The two algorithms that we are concerned with are basis pursuit (BP) and orthogonal matching pursuit (OMP). What these two algorithms have in common is a requirement to use waveforms from a dictionary to represent an image. One advantage of these two algorithms is that they are very flexible in terms of the dictionary used, which in turn allows for faster, sparser compression. It has been previously shown that while OMP is a faster algorithm, BP yields a mroe accurate approximation.

**Basis Pursuit**

Basis pursuit is an effective algorithm which replace the sparse approximation problem by a linear programming problem. It selects the coefficients that will represent the signal to be those with the minimum L1 coefficients. Essentially what it does is the following: Given a signal X, it takes the inner product of X with each element in the dictionary and at the end takes selects the one that yields the larger result (this will be the element the most closely resembles X). This element is added to previously selected elements, and subtracted from the signal X. It does repeat this process on the residual signal until N elements have been chosen, where N is the number of desired coefficients in the approximate representation of X.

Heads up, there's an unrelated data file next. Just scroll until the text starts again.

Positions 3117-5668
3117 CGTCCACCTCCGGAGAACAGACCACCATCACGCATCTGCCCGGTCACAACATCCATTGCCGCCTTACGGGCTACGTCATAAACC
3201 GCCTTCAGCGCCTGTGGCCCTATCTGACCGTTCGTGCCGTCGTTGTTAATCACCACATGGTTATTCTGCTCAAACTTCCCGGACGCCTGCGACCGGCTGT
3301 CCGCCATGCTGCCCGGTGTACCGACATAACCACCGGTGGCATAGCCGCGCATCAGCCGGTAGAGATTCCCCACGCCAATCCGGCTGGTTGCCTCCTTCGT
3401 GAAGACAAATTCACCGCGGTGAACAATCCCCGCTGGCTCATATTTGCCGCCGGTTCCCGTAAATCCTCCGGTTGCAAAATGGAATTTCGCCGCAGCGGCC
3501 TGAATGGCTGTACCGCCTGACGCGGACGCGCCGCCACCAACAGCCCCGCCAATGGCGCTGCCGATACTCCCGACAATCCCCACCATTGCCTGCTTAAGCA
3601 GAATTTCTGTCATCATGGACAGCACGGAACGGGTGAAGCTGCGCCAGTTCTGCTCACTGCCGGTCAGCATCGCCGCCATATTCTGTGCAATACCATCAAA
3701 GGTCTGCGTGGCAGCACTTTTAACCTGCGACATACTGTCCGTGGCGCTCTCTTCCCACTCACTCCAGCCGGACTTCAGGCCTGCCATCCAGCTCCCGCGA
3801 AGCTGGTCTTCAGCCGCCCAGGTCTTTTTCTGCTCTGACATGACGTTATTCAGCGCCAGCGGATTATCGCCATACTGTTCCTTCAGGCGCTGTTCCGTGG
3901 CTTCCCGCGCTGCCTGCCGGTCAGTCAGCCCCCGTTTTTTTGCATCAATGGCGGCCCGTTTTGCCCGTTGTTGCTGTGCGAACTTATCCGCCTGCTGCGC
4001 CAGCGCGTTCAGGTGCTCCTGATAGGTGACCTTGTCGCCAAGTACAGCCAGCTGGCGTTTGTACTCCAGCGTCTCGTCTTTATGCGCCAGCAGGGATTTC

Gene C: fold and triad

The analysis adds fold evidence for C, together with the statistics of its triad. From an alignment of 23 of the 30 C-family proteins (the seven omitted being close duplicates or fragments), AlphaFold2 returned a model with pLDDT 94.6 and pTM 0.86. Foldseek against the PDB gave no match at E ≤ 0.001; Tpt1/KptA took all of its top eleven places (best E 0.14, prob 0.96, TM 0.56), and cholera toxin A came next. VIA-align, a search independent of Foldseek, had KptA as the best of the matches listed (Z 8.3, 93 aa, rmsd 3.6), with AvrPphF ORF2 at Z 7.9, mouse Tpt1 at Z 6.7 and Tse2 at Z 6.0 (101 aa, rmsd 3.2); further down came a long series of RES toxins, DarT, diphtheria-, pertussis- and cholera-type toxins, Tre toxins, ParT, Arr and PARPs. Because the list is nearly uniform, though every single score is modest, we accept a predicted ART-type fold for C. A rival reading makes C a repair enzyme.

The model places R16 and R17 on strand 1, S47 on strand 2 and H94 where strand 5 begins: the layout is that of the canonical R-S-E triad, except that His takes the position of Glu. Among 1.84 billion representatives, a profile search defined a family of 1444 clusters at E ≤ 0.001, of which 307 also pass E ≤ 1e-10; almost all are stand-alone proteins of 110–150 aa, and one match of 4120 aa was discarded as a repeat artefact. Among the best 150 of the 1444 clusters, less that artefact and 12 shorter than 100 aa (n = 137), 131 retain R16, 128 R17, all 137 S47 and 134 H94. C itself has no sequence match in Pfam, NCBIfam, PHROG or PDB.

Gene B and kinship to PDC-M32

**Orthogonal Matching Pursuit**

Orthogonal matching pursuit is an iterative greedy algorithm that chooses the dictionary element that best represents the residual part of the signal at each iteration (just like the BP algorithm). It then projects this element onto those elements which have already been selected, which yields a new approximant signal. This differs from the BP algorithm in that redundant information is not repeated.

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